How Often Should You Wash Your Bed Sheets?
Is there any place on earth cozier than your own bed? You collapse there at the end of a long day, eager to snuggle down and start stacking ZZZs. But if you’re not cleaning your covers often enough, there’s a lot of microscopic stuff in that bed with you. Here’s our guide to keeping bed sheets clean.
What your body leaves behind on bed sheets
Each night your body unloads dead skin cells, hair, skin oils, sweat and bacteria, not to mention local dust, pollen and animal dander, onto your bed sheets. Your bed is not exactly Chernobyl, but these pollutants certainly taint the picture of it as a safe haven. The dirtiest area is your pillowcase, where you breathe, shed hair and … well, you get the idea.
Alien bed invaders
But it gets worse. Those dead skin cells you shed each night ring the dinner bell for the dust mites that feast on them. (Good thing these little beasties are too small to see, because when placed under a microscope they look like alien space invaders scary enough to send you screaming.) After their meal, the mites drop microscopic amounts of poop on your bed sheets. Enough said.
How often should you wash bed sheets?
The simplest answer to this question is once per week, maybe more often for pillowcases. That should keep the dirt under control and eradicate mites. This schedule works for sleeping every night in the bed. If you sleep there less often, you may be able to wash every two weeks. Under no circumstances should you wait a month or more between washings.
Wash sheets in warm soapy water and dry on medium heat. High heat can cause excessive wear to fibers and shorten the life of your bed sheets. You should also wash your pillow two or three times per year, since over time the same contaminants penetrate it.
Something else you can wash to help manage bed contaminants: yourself. Taking a shower before bed rinses most of the bodily pollutants down the drain so that you enter your bed clean.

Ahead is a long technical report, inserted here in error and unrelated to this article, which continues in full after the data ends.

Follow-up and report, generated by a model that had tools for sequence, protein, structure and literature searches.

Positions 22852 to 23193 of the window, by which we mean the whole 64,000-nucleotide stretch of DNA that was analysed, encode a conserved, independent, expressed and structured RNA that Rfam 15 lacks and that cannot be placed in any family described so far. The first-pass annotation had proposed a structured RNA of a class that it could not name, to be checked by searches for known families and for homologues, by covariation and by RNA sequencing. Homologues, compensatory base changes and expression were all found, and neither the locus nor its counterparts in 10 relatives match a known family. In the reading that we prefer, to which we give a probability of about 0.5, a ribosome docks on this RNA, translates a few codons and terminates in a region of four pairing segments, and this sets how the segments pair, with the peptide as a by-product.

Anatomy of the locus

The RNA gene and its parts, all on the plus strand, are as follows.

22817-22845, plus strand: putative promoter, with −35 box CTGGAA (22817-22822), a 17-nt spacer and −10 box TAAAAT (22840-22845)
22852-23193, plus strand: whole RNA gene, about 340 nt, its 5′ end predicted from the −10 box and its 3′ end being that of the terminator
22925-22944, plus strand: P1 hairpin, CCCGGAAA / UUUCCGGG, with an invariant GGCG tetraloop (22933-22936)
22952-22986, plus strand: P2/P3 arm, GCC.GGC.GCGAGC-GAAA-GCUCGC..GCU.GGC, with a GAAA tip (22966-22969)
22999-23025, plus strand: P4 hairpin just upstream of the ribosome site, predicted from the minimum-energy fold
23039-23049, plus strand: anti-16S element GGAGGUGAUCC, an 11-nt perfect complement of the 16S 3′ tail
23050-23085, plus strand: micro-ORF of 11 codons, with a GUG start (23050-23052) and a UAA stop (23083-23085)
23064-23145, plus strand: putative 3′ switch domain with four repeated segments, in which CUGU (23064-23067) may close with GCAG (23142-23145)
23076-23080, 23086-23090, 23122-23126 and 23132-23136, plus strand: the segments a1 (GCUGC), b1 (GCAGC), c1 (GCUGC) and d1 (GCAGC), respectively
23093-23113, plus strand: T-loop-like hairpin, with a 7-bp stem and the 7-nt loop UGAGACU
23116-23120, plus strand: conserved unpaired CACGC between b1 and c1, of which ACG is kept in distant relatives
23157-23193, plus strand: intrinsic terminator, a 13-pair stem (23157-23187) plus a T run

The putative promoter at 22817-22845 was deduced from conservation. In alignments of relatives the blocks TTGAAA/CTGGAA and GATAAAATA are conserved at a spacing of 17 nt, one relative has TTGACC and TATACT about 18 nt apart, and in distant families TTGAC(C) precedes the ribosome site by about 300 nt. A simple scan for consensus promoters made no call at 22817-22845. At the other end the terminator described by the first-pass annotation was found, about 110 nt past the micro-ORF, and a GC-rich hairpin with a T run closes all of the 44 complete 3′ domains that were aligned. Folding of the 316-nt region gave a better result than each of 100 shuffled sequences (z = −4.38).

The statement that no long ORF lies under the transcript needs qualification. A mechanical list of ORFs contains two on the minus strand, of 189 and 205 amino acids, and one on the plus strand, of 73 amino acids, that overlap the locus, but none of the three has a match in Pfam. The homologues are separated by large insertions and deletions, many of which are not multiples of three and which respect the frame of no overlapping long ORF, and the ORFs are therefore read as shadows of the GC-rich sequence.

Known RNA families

Though your other bedding rests on top of the bed sheets, the same contaminants work their way onto blankets, quilts, bedspreads and comforters. These don’t need to be washed as often as sheets, but it’s good to clean them every month or two. Be sure to read and follow washing and drying instructions on the label. Never wash or dry clean an electric blanket.
How contaminants affect your mattress
Bed covers can be washed, but over time, dirt and mites sink through your sheets onto and into your mattress. Use the hose and hand attachment on your vacuum cleaner a few times a year to go over the mattress thoroughly. Purchase a mattress pad and cover to add extra layers between you and your mattress. Impermeable mattress and pillow covers are the best protection of all.
Speaking of mattresses, there is no strict guideline that dictates when to purchase a new model. The Better Sleep Council recommends replacing a mattress every seven years as a rule of thumb, but the best indicator of whether you need a new one is how rested you feel in the morning. As a mattress ages, it wears and becomes less comfortable. When your mattress isn’t providing a good night’s sleep, it’s time for a new one.
Related – Mattresses by Mail—A Good Buy?